So basically you’re living out every D&D player’s dream. You’re playing your avatar?
VIN: Cory went off to write “The Last Witch Hunter” and was attempting to speak to [my] D&D character. But [he was] also attempting to set it in a modern time which is kind of fun because. How could a D&D influenced genre live in a Bond-like cinematic world? And that’s [just] what he did. [Cory] was a forward thinker in all of this and was very, very ambitious.
The lore for “The Last Witch Hunter” is really deep. Is there any chance that you might go to your buddies at Wizards of the Coast? Might see a pen and paper based on the universe of this movie?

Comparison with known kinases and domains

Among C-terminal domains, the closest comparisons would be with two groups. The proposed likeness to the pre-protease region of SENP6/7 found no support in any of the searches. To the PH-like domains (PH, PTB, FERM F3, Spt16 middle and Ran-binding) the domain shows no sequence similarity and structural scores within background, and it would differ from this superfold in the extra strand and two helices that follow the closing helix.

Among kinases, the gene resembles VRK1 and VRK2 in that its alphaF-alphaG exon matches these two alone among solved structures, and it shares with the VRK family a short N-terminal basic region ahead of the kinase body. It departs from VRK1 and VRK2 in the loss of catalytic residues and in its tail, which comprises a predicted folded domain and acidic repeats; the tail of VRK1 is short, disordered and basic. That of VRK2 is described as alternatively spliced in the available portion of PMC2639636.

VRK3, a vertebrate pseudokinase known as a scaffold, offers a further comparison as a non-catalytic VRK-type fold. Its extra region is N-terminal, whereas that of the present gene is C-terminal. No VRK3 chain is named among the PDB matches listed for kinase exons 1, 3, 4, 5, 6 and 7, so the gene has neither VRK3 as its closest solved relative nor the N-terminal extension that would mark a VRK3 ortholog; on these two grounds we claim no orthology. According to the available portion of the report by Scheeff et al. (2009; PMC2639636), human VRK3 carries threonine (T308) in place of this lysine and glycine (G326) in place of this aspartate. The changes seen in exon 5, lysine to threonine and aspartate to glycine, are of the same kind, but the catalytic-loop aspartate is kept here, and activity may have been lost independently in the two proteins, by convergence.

VIN: It’s funny that you say that, because when you see me in the story meetings, especially regarding films like these, I’m always the guy in the room saying, “Ok, just stop for a second and talk to me like I’m about to play the game” [Laughs] “Which character would I play, and why would I be attracted to that character?” Yeah. I think that there could very easily be a tabletop game, and I feel like this [movie] is just the introduction to the world. I’ll tell you something. We’re not done shooting the movie and just last week they sent down Cory Goodman again, for the whole week, to discuss the next two chapters of this movie. And I thought that’s pretty remarkable, that they’ve been so excited about this that they’ve commenced on the two follow-up chapters. I thought that was pretty cool.